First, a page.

Originally published: 21 October 2021
Author: Claire Keegan
Published by: Faber & Faber
Genre: Historical Fiction
Page count: 128
Reading dates: 19 May 2022
It is 1985, in an Irish town. During the weeks leading up to Christmas, Bill Furlong, a coal and timber merchant, faces into his busiest season. As he does the rounds, he feels the past rising up to meet him – and encounters the complicit silences of a people controlled by the Church.
The long-awaited new work from the author of Foster, Small Things Like These is an unforgettable story of hope, quiet heroism and tenderness.
I rarely read novellas, but sometimes squeeze in a couple if I need to try and reach my Goodreads target! This year I am actually ahead but something made me pick up Small Things Like These yesterday ahead of all the books I need to read for blog tours and I am so glad I did! I purchased a copy last month at Daunt Books in London when I did a book shop tour with Kerrie from https://ilovedreadingthis.wordpress.com/ – I’d seem countless positive reviews on Instagram and it piqued my interest.
Set in the mid 1980s in Ireland we meet Bill Furlong, a coal and timber merchant on the lead up to Christmas. Happily married to Eileen with 5 daughters, he is better off than many and works hard to provide for his family. His wife fondly thinks of him as being soft hearted – he will often try and help those less fortunate that himself. We hear about his childhood, how he was born to an unmarried mother and it was only the kindness of her employer that kept them together and he had a good childhood, growing up with his mother, Mrs Wilson the protestant widow whom his mother worked for and Ned the farmhand. As he grew older he often wondered who is father might be but he was never told.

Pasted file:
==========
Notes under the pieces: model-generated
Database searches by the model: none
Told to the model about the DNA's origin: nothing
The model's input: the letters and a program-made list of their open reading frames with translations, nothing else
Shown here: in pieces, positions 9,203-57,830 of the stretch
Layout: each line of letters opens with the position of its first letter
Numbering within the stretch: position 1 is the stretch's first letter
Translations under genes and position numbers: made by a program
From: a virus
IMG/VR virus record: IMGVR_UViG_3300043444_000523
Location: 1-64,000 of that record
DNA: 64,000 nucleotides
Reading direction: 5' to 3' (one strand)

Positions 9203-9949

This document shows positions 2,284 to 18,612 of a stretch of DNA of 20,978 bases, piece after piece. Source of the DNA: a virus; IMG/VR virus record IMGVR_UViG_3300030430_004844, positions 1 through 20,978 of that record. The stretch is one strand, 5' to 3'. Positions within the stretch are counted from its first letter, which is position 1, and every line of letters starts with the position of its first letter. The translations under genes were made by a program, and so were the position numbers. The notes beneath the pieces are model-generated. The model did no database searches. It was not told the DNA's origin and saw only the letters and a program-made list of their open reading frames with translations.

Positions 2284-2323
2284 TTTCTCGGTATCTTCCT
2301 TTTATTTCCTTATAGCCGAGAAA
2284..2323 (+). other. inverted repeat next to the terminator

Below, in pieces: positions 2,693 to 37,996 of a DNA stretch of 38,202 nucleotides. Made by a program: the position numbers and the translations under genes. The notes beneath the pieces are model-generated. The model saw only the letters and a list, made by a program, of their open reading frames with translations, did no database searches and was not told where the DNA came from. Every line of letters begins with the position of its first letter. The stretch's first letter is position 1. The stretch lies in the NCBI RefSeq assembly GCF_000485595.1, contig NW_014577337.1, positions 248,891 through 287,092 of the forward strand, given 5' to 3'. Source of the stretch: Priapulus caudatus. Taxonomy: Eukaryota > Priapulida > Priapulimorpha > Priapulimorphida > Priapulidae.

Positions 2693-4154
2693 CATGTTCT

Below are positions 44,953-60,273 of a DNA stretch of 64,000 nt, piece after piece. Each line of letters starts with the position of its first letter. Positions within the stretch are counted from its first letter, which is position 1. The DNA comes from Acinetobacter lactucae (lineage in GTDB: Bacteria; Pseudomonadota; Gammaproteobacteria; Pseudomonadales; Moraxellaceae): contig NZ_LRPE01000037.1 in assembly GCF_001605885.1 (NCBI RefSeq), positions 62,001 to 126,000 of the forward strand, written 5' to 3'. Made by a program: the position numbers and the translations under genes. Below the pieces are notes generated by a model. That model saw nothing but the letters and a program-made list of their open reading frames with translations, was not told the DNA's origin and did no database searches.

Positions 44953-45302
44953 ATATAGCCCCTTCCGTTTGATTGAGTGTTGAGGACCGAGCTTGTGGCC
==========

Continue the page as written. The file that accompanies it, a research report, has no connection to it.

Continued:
One a visit to the convent to deliver coal, he sees some of the girls who live there and it disturbs him – they look unwell and mistreated. He cannot shake the feeling of wanting to be able to help the girls in some way and these thoughts pray on his mind on the leadup to Christmas.
I adored this book – Furlong was a character I warmed to instantly, a kind-hearted man who wants the best for his family and those around him. The convent in the book is in fact a Magdalene laundry which were run by the Catholic Church primarily to house “fallen women”. Shockingly Ireland’s last Magdalene laundry was not shut down until 1996 and many girls and their babies died while in their “care”. Bill’s discovery at the convent, makes him realise his life could have been very different if his mother hadn’t been lucky enough to be in Mrs Wilson’s care.
Small Things Like These is a beautifully written and touching novel – I felt emotional after finishing it and I know it is a book I will think about in the future. The novel’s strength lies in the character Furlong and I would happily read more about him and his family – I really want to know what happens next. A new author to me, Keegan is certainly one whose backlist I will be reading.
About the author:
Irish writer Claire Keegan’s debut collection of stories, Antarctica, was a Los Angeles Times Book of the Year. The Observer called these stories: ‘Among the finest recently written in English’. It was also awarded the William Trevor Prize, judged by William Trevor.
In 2007, her second collection, Walk the Blue Fields, was published to huge critical acclaim and went on to win The Edge Hill Prize for the strongest collection published in The British Isles. The prize was adjudicated by Hilary Mantel.
Foster (2010) won The Davy Byrnes Award, then the world’s richest prize for a story. It judged by Richard Ford: “Keegan is a rarity-someone I will always want to read’.”
Keegan’s stories are published in English by Faber & Faber, have appeared in The New Yorker, Granta, The Paris Review, Best American Stories, won numerous awards – and are translated into 17 languages. She is internationally renowned as a teacher of creative writing.